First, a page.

Not until today.

Montly Reading Wrap-Up | Jan-Feb 2014

Monthly Reading Wrap-Up | Featuring my past two months of reading, because I’ve been really bad at keeping up with it 😛 BUT, I have been reading quite a bit, and I’ve been reading some really awesome stuff. For one, I tore through the first two books of Laini Taylor’s Daughter of Smoke and Bone trilogy–and I’ve also pre-ordered the final installment, because I have no words.

I also devoured A Darkness Strange and LovelySusan Dennard‘s sequel/middle act to the Something Strange and Deadly trilogy. As I’ve said before: Victorian-era zombies + steampunk? More please? Entwined by Heather Dixon was a present from home, a gothic-y retelling of the fairy tale of the Twelve Dancing Princesses that was super fun to read, and in Middle Grade, I started the Secret Series by Pseudonymous Bosch (you know, that guy) as well as a reread of the His Dark Materials trilogy. Over all, a lot of clockwork and airships this month.

Other reads this month, not in MG or YA:

Kindred by Octavia Bulter

Night Film by Marisha Pessl

Currently Reading

We believed them, even though we could see that what they were doing was wicked and evil and wrong…

Currently Re-Reading | The Golden Compass by Philip Pullman. Just finished my reread of this first book in the His Dark Materials Trilogy, and I need some time to be alone with my feelings and memories of my childhood.

My Week In Tropes | Feb 9th

This week has been a mess of editing, catching a stomach bug, getting insomnia, and scrambling madly to finish work for my contracts on time. But in terms of my writing, I’ve been working on fine tuning my world’s magic—with special focus on editing the scenes in which it’s involved.

Trope of the Week: Functional Magic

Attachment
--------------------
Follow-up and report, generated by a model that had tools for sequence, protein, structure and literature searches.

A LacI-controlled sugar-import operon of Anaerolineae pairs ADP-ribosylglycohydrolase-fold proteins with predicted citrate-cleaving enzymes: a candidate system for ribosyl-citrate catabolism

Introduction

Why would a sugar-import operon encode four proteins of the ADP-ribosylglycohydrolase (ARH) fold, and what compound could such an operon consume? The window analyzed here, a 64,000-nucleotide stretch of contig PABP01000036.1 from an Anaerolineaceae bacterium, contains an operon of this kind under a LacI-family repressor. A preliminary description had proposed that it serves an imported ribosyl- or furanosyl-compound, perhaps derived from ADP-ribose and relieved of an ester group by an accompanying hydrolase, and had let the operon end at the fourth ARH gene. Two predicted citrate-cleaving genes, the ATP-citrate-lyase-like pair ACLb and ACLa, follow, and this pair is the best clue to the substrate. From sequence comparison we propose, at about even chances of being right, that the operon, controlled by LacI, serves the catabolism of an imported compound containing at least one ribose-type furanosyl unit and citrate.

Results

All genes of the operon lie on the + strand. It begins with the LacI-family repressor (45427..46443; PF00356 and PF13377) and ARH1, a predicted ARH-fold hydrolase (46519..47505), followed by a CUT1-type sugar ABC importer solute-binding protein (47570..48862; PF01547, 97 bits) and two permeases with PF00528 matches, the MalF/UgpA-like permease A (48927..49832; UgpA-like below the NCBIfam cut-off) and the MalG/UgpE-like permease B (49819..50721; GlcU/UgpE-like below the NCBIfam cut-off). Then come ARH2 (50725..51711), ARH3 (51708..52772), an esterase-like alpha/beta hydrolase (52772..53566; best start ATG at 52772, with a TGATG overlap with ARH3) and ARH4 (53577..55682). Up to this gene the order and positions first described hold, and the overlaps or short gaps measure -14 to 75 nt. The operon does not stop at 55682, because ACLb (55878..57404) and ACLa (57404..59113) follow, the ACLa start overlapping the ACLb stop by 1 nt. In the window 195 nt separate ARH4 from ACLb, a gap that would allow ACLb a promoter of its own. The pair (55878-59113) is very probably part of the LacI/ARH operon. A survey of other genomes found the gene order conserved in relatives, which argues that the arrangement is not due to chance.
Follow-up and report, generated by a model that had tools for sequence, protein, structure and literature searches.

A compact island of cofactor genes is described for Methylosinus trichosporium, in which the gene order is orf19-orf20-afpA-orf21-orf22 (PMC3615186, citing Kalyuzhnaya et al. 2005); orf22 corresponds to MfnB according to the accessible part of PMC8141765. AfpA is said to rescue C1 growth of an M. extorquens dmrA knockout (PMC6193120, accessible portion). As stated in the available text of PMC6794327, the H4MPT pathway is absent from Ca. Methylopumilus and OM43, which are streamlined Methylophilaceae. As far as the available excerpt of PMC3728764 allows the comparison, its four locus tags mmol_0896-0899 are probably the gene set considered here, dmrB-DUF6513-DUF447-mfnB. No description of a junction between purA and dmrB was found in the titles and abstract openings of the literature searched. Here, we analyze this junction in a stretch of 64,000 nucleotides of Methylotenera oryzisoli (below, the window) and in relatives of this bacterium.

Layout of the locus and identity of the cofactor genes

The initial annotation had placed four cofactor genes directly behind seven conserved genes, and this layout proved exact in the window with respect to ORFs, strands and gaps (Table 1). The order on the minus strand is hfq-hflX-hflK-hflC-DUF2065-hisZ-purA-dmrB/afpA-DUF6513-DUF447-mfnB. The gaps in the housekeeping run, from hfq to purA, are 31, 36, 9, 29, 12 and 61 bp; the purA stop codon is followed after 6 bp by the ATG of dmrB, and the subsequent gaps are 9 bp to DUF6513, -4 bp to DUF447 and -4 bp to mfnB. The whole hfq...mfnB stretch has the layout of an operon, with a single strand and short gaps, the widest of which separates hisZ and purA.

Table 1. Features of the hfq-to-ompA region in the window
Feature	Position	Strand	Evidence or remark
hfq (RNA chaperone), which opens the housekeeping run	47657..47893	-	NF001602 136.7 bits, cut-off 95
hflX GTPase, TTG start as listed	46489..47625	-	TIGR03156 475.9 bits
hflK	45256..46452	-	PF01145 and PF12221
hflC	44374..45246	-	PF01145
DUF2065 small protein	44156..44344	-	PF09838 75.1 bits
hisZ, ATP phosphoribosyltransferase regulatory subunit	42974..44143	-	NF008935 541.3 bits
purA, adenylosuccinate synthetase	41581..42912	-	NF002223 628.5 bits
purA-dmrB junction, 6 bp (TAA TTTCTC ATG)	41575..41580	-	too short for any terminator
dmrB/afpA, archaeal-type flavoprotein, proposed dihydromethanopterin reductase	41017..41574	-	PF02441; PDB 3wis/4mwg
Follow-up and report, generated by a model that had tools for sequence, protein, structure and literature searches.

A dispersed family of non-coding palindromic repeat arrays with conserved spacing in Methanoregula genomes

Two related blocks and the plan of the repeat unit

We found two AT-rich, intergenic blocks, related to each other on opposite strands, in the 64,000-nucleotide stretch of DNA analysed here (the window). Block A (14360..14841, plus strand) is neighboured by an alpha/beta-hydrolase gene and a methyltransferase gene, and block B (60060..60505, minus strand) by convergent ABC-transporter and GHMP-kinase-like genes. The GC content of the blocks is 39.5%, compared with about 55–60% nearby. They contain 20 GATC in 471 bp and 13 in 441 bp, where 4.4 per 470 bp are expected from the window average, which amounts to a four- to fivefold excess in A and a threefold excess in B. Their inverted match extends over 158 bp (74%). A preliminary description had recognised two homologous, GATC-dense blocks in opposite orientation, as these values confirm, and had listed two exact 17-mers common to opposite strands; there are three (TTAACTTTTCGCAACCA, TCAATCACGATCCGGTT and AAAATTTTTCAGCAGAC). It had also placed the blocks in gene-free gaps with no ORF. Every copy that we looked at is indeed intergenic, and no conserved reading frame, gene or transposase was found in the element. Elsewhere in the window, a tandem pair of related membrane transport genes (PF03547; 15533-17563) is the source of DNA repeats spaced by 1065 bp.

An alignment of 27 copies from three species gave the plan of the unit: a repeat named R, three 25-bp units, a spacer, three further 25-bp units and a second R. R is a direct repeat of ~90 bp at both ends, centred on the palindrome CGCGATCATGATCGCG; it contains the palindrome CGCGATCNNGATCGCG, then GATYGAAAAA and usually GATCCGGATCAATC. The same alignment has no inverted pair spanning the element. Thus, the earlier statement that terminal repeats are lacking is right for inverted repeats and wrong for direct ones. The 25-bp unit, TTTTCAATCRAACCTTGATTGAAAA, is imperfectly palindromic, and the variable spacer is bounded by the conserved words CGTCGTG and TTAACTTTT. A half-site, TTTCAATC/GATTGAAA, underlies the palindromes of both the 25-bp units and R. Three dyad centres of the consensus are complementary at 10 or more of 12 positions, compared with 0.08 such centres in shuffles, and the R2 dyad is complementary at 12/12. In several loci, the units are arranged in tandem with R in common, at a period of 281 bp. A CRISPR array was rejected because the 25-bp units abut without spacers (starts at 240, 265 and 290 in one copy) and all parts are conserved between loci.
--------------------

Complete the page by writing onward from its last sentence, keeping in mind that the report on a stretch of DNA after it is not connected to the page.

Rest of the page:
“As for what experimental theology was, Lyra had no more idea than the urchins. She had formed the notion that it was concerned with magic, with the movements of the stars and planets, with tiny particles of matter, but that was guesswork, really.”

–Philip Pullman: The Golden Compass

It’s a pretty safe assumption to say that, if you have magic in your fantasy novel, it’s probably going to actually be effective at doing something. However, the something can differ GREATLY between worlds.

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(Actually, those two are pretty similar: a spell that wards away dark, evil, scary things.)

In any case, I’m not going to talk a lot about how the magic in my world works (when the book ever actually comes out, you can read all about it!), but suffice to say that, though the magic in my novel is effective at doing a good many things, most of those things aren’t entirely flashy.

So, my focus this week was on making the magic in my world feel more… well… magically functional, without betraying its base conceits (which are really very simple, in comparison to the system that ends up being built on top of them).

Much of this work has taken the form of rethinking my descriptions of magic to make them stronger—and no, I don’t mean making flashy lights prettier or explosions bigger or lighting bolts clearer, because none of those apply. Rather, I’ve been focusing on how magic feels.

This may be something of a weakness in the functional magic trope—by focusing solely on the function of magic within the story world and the plot, the things that make magic, well, magical, can suffer. Now that I’ve found a couple touchstones to refer back to and ground my magic in the experience of my protagonist—to describe how it affects her, both physically and emotionally—it helps make the instances when spells are used both work in terms of the plot and the action, as well as create the emotional impact that I think is at the core of writing about magic in any world.